Why One Missing Shingle Is A Problem — And What You Can Do About It

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Shingle Me This: A Roof Blog Roofers have a tough job. They work at heights, carrying heavy shingles and nailing them to the roof's surface. In addition to working hard, roofers are also very knowledgeable. They can recommend the best roofing material to fit your budget and preferences, and they can make repairs, as needed, to ensure your roof continues to keep your home safe. There's a lot to learn about roofing. We are not professionals, but we consider ourselves to be well-informed, and we share the information we know on this website. As you read, you will learn more about roofing as a profession, and you may also pick up some roofing tips you can use on your own home.



Shingles are what protect your home from leaks and water damage. Their granular surfaces encourage the water to run off into the gutters, and their asphalt underlayers prevent any lingering water from seeping through. You might not think one missing shingle is a big deal, but it can and eventually will lead to leaks. Here is a closer look at why a missing shingle compromises the integrity of your roof, along with some advice regarding having that roof fixed.

How A Single Shingle Can Lead to Leaks

Standard shingles have three tabs. When the shingles are placed on the roof, they are placed in a staggered manner so that each shingle covers the gap left between two of the shingle panels above. So if you lose a shingle — which is typically just one tab of a three-tab sheet — there is a chance that missing shingle will leave the seam between two other shingles exposed. Water can then travel right down into the gap. It may not leak in immediately because the layer of tar paper under the shingles will stop it somewhat, but it will leak very soon.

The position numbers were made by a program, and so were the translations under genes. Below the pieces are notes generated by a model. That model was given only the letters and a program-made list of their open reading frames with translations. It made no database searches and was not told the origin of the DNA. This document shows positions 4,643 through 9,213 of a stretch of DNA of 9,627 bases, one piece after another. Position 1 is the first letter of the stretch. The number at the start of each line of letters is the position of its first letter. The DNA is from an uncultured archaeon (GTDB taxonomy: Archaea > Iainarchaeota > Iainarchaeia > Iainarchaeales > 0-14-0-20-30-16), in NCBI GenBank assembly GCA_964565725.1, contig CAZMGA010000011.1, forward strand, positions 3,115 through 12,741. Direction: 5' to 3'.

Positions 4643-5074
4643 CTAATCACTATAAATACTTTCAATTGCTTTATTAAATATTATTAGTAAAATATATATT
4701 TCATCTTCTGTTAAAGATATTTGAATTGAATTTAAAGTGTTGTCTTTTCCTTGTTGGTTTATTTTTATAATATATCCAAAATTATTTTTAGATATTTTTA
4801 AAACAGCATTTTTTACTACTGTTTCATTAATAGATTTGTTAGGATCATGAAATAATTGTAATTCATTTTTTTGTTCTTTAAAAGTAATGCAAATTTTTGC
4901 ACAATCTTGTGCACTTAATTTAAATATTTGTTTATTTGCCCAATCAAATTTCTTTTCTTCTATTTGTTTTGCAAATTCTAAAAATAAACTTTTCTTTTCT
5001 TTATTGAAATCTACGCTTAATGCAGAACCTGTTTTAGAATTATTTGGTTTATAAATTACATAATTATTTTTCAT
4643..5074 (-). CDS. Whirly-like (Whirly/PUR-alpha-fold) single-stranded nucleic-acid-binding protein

So what if the missing shingle does not directly expose a gap? Well, you won't get a leak quite as soon, but your roof will eventually leak. Water will be able to seep under the exposed, torn edge where the shingle is missing, and then it will start seeping in. Once one shingle is missing, the neighboring ones are likely to tear off, too.

What Can Be Done About a Missing Shingle

Replacing a missing shingle is a little harder than you might assume. You can't just nail a new shingle on top of the gap. Some people do this as a temporary fix, but it can do more harm than good since you're creating more exposed nail holes that water can leak through. You're best off calling a roofer to replace the missing shingle.

The roofer will remove the damaged shingle sheet and then loosen the sheet above it. They may have to completely remove the nails from this above shingle sheet in order to do so. Then, they will slip another sheet of shingles underneath the lifted one, and nail everything back into place. A few gobs of roofing cement over any exposed nails will help prevent leaks, going forward.

A single missing shingle might not seem like a big deal, but it will lead to leaks if you don't take care of it. Call a roof repair contractor sooner rather than later.

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